Difference Between Turtle and Tortoise (With Table)

Confusion is not just limited to the English dictionary. It is also there on the animal planet. Most of you have seen tortoises in the zoo or on television at some point in life. Until now, most of you thought that both turtles and tortoises are the same.

The term “turtle” can easily be used to point out any reptile that has a protective shell. This classification can be divided even further into the primary varieties of turtles.

A turtle is, well, a turtle. However, the other variety is a tortoise.

Turtle vs Tortoise

The main difference between turtle and atortoise is that a tortoise is designed by nature to survive on land. So, what you have seen in zoos are tortoises and not turtles. On the other hand, turtles are more fortunate of the two.

It is designed to survive both on land and in water. Thus, what you have seen on the National Geographic channel floating around underwater is a turtle.


Comparison Table Between Turtle and Tortoise (in Tabular Form)

Parameter of Comparison




Turtles are a type of reptiles that are mainly characterized by their cartilaginous or bony shell that gets developed directly from the ribs.

Tortoises are also reptiles and belong to the family of Testudinidae.

The shape of the Shell

The shell is mostly streamlined and flat.

The shell is mostly large and dome-shaped that appears as bumps on top.


Have webbed feet and long claws.

Tortoises have short feet that are sturdy and slightly bent.


Baby turtles remain in their nest for around 90 days to 120 days.

Baby tortoises tend to move away from their nest to a burrow that is made by their mother within a few days after birth.


20 years to 40 years.

80 years to 150 years.


Turtles are omnivorous and prefer to have fruits, meat, and leafy veggies.

Tortoises are mainly herbivorous by nature, although some species prefer live food.

Weight of the Shell

Shells are normally light-weight.

Shells are much heavier.


America and Africa.

Mostly found in Africa and Asia.


What is Turtle?

Several types of reptiles are present on land and underwater. Turtles are one of them.

These reptiles have a streamlined and flat shell that originates from their ribs and also acts as a shield for them.

When you talk about a turtle, it may refer to either the sea-dwelling and fresh-water Testudines, which is British English or as a whole in American English.

The classification of Testudines includes extinct species, as well as, living or extant species. The first-ever known variety of this specific group goes back to the Mid Jurassic age.

This makes turtles one of the more ancient and oldest reptile groups than any type of crocodilians or snakes.

There are a total of 356 varieties of turtles that are alive today. Of these, some fall under the group of endangered species.

Based on the way turtles pull their necks back into their respective shells, they are classified into 2 primary groups. The mechanism that helps a turtle retracts its neck into its shell differs phylogenetically.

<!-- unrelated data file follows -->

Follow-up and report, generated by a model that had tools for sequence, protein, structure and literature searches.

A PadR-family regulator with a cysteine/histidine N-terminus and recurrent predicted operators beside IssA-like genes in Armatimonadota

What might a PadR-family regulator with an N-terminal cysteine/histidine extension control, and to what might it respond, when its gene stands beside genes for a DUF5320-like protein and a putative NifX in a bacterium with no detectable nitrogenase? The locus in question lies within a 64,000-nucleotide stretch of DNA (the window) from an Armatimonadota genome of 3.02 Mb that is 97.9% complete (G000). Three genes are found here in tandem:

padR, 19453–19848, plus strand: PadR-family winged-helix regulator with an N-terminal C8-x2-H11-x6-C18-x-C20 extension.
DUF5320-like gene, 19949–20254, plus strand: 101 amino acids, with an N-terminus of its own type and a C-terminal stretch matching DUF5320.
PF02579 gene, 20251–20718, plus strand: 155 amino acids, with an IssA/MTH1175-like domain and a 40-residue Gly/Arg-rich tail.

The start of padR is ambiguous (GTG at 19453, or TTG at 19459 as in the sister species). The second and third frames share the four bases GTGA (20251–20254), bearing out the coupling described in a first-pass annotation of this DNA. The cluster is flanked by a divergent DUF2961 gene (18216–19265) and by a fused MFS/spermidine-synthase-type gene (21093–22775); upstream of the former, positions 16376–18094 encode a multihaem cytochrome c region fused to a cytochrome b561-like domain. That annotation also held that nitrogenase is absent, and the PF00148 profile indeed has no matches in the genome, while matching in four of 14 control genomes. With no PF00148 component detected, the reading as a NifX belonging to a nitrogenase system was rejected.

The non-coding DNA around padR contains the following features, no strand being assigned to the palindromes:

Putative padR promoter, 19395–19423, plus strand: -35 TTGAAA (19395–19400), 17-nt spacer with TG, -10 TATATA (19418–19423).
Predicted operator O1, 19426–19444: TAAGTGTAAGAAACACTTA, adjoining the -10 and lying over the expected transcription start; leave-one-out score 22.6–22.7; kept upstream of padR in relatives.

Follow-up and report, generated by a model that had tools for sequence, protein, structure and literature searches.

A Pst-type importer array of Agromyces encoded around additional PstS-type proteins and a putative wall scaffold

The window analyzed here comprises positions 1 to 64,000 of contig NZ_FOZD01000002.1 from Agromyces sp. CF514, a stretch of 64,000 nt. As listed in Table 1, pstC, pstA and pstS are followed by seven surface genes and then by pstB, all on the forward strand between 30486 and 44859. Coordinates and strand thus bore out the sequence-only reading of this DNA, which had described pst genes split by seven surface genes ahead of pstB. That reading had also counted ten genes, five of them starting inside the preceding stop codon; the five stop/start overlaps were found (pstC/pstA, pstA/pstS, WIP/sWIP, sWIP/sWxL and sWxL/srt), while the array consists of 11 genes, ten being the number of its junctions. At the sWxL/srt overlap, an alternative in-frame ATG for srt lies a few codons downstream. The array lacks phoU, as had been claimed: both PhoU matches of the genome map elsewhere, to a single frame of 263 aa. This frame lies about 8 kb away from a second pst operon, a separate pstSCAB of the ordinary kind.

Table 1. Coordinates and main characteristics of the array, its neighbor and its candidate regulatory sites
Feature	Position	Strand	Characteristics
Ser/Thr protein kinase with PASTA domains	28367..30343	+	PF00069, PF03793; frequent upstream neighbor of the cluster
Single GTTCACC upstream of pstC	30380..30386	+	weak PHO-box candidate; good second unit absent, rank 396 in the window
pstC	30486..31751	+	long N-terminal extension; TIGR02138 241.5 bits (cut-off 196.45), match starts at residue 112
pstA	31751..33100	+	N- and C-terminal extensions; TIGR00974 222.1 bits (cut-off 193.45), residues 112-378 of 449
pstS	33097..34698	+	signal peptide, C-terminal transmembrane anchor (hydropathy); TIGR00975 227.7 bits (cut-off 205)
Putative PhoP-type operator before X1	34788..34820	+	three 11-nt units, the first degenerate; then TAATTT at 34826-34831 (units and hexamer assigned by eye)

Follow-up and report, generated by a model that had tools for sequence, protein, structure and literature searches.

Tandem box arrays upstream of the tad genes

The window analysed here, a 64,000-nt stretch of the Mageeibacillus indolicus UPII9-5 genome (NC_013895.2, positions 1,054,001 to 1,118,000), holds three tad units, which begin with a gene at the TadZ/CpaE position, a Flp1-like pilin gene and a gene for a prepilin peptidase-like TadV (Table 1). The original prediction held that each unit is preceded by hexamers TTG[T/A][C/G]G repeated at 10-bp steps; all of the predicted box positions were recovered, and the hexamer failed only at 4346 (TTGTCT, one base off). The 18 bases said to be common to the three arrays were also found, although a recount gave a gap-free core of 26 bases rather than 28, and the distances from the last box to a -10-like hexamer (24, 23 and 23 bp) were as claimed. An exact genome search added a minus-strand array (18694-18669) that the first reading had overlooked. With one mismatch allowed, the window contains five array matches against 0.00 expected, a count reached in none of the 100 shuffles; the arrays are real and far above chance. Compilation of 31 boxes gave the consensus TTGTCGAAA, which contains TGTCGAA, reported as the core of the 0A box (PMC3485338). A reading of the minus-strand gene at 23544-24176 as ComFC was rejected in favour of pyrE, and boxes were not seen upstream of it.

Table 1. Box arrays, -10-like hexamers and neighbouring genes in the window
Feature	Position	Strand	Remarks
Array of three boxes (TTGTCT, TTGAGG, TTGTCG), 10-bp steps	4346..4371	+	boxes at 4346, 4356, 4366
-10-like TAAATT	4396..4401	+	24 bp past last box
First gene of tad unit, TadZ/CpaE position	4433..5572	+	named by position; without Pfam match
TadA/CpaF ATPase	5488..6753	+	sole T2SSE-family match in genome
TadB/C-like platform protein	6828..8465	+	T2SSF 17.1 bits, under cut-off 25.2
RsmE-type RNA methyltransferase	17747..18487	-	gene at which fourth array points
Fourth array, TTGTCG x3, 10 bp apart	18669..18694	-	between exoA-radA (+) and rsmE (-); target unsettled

The Cryptodira class of turtles retract their necks straight back, whereas, the Pleurodira class of turtles retract their necks anterior to shoulder girdles and laterally to either side.


What is Tortoise?

Tortoises also belong to the reptile species and more specifically to the Testudinidae family.

Tortoises are easily distinguishable from other forms of turtles due to their natural land-dwelling nature. As discussed above, most of the turtles prefer to spend their lives underwater.

Just like any other turtle species, tortoises also have their shells that save them from attacks from predators. Tortoise shells are normally bigger and harder than turtle shells.

They retract their head and neck into their shells when they sense any danger.

To be more specific, tortoises are different from other vertebrates. Their pelvic and pectoral girdles are located inside their ribcage and not outside like any other vertebrate.

Tortoises are normally reclusive animals and vary in size, ranging from a couple of centimeters to almost 2 meters.

They are generally diurnal by nature and sometimes show tendencies of being crepuscular. This largely depends upon the surrounding temperature.



The difference between a turtle and a tortoise is rather apparent if you consider their habitat.

From the biological perspective, each variety of tortoises happens to be terrestrial. It is normally found that turtles may either be aquatic or even semi-aquatic.

Since the ancestor of both turtles and tortoises are the same, their physical structure is somewhat similar.

Since the primary differences between turtles and tortoises have been pointed out, it should be much simpler for you to distinguish between the two. Along with their physical differences, their life span also varies by a huge margin.



  1. https://lib.dr.iastate.edu/eeob_ag_pubs/166/
  2. https://www.physiology.org/doi/pdf/10.1152/ajplegacy.1966.210.1.198